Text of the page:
USA launches airstrikes as Taliban attack Afghan provincial capital Ghazni

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Afghan troops were fighting from street to street in the city of Ghazni this morning after a massive pre-dawn assault by the Taliban broke the defences of the strategic provincial city and Islamic fighters advanced towards the centre.

This screen grab taken from AFPTV video on August 10, 2018 shows smoke rising into the air after Taliban militants launched an attack on the Afghan provincial capital Ghazni, with terrified residents cowering in their homes amid explosions and gunfire.

Taliban insurgent forces launched a fierce pre-dawn attack Friday on the eastern Afghan provincial capital of Ghazni, overrunning government buildings amid heavy fighting before being driven out by USA -backed Afghan forces, officials said Friday.

The attack on Afghan soldiers resulted in multiple casualties on both sides, Ghazni government spokesman Mohammad Arif Noori told CNN.

Ghazni police chief General Farid Ahmad Mashal said the Taliban seized several parts of the city, which has been under threat for months with heavy fighting in surrounding districts.

"So far 140 enemy forces have been killed or wounded", the group said.

According to the officials, at least 26 security personnel are among those wounded during the clashes.

A local hospital said at least 14 Afghan policemen had been killed in the fighting, while security officials said there were dozens of dead Taliban fighters.

Taliban spokesman Zabihullah Mujahdi claimed the fighters had captured the police headquarters among several key military installions and posts, killing dozens of security forces.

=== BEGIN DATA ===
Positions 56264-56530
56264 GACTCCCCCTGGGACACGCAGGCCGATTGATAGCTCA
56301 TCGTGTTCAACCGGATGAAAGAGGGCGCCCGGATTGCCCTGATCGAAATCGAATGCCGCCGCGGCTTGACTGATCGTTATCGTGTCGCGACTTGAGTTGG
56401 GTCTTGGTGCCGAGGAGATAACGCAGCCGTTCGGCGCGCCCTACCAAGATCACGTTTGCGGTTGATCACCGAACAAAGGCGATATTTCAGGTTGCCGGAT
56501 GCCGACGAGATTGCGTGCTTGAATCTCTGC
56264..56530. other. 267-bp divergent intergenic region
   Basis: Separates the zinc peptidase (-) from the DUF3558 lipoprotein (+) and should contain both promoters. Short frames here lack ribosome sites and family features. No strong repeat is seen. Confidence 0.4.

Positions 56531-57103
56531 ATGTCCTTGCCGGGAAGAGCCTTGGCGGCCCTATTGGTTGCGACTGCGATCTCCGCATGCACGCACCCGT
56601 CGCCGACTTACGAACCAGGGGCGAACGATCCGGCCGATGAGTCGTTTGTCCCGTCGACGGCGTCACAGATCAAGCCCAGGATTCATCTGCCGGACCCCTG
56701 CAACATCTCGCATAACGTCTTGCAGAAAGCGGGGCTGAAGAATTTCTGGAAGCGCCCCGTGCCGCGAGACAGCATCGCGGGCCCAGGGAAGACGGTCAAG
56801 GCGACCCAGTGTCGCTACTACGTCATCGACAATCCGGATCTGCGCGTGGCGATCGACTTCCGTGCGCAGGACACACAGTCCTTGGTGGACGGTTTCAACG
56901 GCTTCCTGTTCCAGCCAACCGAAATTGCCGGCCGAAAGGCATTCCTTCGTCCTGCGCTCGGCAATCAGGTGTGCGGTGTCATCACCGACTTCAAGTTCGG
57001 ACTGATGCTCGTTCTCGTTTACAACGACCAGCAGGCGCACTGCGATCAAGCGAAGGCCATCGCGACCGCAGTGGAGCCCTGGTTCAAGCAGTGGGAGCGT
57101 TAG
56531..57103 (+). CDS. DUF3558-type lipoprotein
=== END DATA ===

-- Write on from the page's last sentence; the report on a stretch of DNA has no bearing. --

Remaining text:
US attack helicopters and drone aircraft provided government forces with air support.

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"US forces responded with close-air support and conducted one drone strike", O'Donnell said.

Heavy fighting was ongoing as of Friday afternoon in the city, where Afghan and North Atlantic Treaty Organisation forces were engaging fighters "by air and ground", Noori said.

The Taliban are fighting the Western-backed government to restore their version of sharia, or Islamic law, after they were driven out by USA -led forces in 2001.

Sporadic gunfire continued to echo amid intermittent clashes, with officials telling residents to stay in their homes as Taliban fighters roamed the streets.

Hamidullah Nawrozi, member of Ghazni Provincial Council, told TOLOnews that "Ghazni city will fall to the Taliban if reinforcements were not sent".

Pompeo also said the role of foreign forces in Afghanistan would be on the table.

The Taliban has long insisted on direct talks with the United States.

The Taliban attack came as Ghazni contemplated a cease-fire offer to mark the Muslim holiday of Eid al-Adha later this month.

He said China has always supported the issue of peace talks and that they "continue to facilitate the talks based on the principle of (it being) Afghan-led and Afghan-owned". Associated Press writer Maamoun Youssef in Cairo contributed.